The Fourth Amendment is the basis for several cherished rights in the United States, and the right to the freedom of unreasonable searches and seizures is among them. Therefore, it would seem illegitimate- even anti-American for any law enforcement agent to search and seize evidence unlawfully or for any court to charge the defendant with a guilty verdict established on illegally attained evidence. One can only imagine how many people would have been sitting in our jails and prisons were it not for the introduction of the exclusionary rule. The Exclusionary Rule is a law passed by the United States Supreme Court. It demands that “any evidence obtained by police using methods that violate a person’s constitutional rights be excluded from use in a criminal prosecution against that person” (Ferdico, Fradella, and Totten, 2009).
In the constitution it states that “people shall be free from unreasonable searches, however it didn’t state what action the courts should take if an unreasonable search and seizure has occurred The Supreme courts then decided to create the Exclusionary rule in order to prevent law enforcement officers from conducting illegal search and seizures and violating citizen constitution rights. It also states that evidence that was illegally seized cannot be used as evidence; “We’re sorry" doesn't quite cut it. The courts gave as their rationale for the rule the concept of "unclean hands." ("Exclusionary rule,"). If a search is made without probable cause and evidence is found ,it will be found inadmissible by the court However the exclusionary rule does not apply in a grand jury proceeding, parole reversal hearing or a civil case.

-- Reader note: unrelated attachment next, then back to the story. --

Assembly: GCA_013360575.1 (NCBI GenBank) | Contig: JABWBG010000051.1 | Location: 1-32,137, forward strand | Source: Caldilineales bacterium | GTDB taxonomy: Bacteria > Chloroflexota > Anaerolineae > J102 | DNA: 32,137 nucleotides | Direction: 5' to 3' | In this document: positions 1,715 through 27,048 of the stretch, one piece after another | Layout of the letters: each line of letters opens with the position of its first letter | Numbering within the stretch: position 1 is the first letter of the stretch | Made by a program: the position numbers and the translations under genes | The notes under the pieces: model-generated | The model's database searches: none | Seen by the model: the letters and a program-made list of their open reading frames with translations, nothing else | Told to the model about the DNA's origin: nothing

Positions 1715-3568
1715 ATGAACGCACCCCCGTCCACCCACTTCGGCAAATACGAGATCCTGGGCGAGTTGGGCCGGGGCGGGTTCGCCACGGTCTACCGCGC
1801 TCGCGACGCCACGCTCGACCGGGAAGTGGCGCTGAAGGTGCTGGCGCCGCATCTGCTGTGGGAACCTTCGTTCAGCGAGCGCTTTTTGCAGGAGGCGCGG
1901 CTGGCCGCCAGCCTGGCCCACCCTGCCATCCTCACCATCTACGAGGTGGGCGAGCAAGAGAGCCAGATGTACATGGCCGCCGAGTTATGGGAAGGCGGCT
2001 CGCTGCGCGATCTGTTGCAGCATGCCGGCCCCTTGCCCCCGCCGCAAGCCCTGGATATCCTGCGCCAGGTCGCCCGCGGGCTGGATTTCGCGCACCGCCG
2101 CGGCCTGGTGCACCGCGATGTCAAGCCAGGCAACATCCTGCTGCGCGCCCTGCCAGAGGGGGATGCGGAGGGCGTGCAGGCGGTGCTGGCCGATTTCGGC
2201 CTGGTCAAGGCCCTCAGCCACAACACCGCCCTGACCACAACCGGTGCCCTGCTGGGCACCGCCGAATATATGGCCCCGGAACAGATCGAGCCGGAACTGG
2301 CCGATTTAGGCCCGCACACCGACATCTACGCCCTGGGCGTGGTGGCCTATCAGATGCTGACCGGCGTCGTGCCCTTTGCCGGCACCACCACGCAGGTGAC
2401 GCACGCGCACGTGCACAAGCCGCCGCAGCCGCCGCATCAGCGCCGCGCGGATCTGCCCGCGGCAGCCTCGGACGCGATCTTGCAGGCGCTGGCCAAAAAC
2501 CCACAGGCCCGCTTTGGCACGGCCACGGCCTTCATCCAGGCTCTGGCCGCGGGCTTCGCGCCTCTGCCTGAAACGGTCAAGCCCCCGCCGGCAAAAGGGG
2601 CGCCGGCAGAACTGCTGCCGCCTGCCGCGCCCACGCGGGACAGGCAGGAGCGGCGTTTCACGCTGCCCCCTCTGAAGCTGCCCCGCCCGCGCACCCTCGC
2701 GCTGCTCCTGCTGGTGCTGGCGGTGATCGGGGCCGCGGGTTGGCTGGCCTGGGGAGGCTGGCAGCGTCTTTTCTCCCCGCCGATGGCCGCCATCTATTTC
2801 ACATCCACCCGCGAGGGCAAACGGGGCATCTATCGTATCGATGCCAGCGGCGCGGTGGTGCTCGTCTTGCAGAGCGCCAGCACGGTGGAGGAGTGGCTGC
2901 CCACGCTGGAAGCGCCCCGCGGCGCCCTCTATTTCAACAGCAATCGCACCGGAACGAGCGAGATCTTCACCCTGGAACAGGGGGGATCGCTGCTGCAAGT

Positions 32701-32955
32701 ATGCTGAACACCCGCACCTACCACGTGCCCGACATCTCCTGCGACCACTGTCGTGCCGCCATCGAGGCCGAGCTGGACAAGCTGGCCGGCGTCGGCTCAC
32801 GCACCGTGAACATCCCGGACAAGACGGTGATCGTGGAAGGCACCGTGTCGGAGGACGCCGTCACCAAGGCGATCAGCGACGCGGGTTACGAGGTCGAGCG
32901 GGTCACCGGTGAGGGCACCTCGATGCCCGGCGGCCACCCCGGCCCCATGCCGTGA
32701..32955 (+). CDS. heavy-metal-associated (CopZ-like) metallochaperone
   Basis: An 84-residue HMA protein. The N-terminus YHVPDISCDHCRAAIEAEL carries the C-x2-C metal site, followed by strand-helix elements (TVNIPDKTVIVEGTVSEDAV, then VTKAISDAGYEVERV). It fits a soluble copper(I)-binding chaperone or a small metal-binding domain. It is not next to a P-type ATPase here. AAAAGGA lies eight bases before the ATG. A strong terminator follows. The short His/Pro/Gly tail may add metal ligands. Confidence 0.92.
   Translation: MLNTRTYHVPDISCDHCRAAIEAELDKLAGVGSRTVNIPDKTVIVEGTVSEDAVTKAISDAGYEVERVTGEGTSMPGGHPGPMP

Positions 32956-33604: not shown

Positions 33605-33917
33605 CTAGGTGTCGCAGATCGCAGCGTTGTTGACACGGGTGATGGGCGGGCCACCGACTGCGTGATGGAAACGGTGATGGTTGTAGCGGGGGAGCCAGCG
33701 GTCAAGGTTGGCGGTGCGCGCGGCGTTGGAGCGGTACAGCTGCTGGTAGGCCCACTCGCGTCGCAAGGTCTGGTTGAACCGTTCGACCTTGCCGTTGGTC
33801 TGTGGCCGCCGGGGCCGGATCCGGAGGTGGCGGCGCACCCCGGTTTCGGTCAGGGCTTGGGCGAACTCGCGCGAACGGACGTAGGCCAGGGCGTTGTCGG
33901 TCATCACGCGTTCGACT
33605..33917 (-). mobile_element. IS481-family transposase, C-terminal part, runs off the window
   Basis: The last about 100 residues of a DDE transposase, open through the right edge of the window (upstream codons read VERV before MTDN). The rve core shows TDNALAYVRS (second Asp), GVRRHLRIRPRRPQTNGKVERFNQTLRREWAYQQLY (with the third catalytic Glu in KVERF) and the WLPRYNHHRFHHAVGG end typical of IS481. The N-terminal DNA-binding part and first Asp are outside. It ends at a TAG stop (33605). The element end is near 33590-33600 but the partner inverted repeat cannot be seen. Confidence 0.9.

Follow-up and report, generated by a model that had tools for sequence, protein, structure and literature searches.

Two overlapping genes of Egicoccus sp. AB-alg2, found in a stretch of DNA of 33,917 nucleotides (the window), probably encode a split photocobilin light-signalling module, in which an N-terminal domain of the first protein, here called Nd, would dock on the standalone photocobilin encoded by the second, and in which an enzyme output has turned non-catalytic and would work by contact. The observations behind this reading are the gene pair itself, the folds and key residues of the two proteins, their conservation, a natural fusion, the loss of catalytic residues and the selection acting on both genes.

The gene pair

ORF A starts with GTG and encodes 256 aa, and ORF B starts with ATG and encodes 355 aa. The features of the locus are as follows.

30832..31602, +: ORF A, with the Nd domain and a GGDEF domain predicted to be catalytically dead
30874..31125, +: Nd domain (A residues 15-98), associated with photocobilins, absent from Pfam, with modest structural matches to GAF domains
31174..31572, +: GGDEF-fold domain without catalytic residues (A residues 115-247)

Lawyers will sometimes, but not usually, lie to help their client. Many more will present a 'false defense' to defend their client. "...A false defense is an attempt to 'convince the judge or jury that facts established by the state and known to the attorney to be true are not true, or that the facts known to the attorney to be false or true'"(Mitchell 18). Although many people think attorneys should do whatever it takes to defend their client, lawyers should be prohibited from presenting a false case. Citizens of the United States are innocent until proven guilty.
This paper will discuss the aspects of the forth amendment rights in relation to the exclusionary rule, exceptions and holding. The facts on deterrence in court and evaluating the ins and outs of the exclusionary rule what is acceptable and admissible and inadmissible in the United States courts and Supreme Court. This paper will exhibit the constitutional and unconstitutional rights and laws. The future goals of the exclusionary rule and instruction of ethical and unethical choices by officers in relation to law enforcement. Introduction All evidence found within illegal standing and evidence that is illegally found by police without a search warrant, are inadmissible in court any illegal search done by officers